How to Shake Hands in a Business Setting
Part of the Business Etiquette For Dummies Cheat Sheet
In business etiquette, handshakes are the physical greetings that go along with your words. Remember that business handshakes are an important part of the first impression you make.
You're expected to shake hands in the following business situations:
When meeting someone for the first time
When renewing an acquaintance
When a client, a customer, or someone you don't know well enters your office, cubicle, or home
When greeting a host and being introduced to people at an event
When meeting someone you already know outside work or in your home
When ending a transaction or leaving a business or social event
In American business etiquette (and even in non-business settings), a handshake requires the following:
Hold out your right hand.
Don't hold out your hand too soon; you'll seem nervous. And don't wait too long; you'll seem unfriendly. Shake hands when you've just met the other person. Lean forward ever so slightly, and hold out your right hand.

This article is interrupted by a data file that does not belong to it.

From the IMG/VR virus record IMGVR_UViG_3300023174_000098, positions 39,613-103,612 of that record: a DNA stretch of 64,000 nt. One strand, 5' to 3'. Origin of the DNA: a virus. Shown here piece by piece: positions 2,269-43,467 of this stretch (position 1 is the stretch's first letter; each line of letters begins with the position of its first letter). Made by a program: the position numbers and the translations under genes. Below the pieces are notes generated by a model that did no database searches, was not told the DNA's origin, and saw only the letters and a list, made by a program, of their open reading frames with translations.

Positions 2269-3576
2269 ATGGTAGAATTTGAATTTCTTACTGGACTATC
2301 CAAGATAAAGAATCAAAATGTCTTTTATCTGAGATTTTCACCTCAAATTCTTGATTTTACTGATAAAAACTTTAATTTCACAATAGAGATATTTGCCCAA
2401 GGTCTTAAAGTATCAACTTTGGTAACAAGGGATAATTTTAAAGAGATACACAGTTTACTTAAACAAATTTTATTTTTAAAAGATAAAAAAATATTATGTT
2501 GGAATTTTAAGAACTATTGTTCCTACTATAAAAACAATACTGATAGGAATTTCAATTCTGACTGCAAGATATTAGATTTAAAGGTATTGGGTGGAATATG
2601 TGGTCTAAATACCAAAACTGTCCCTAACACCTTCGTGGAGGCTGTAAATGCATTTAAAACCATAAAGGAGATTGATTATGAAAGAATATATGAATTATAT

Grasp the other person's hand.
Fit your hand into his — not too loosely and not too tightly. Push your hand all the way into the other person's hand, to a point where both hands meet web to web (the area between the thumbs and index fingers). Never grasp just the other person's fingers. Keep your fingers firm — never loose and limp like a dead fish.
Don't place your other hand over the person's hand or on his upper arm. Save this "two-handed shake" for people you know on a more personal basis.
Squeeze firmly — not too hard — and shake once or twice for 2 to 3 seconds.
The range of motion should be 2 or 3 inches. A proper handshake is done from the elbow, not the shoulder; you want to be relaxed, not stiff.
If the other person's hand is sweaty, don't grimace or dry your hand in that person's presence. He or she will already be embarrassed enough to have offered a sweaty hand, and it would be rude of you to cause further discomfort.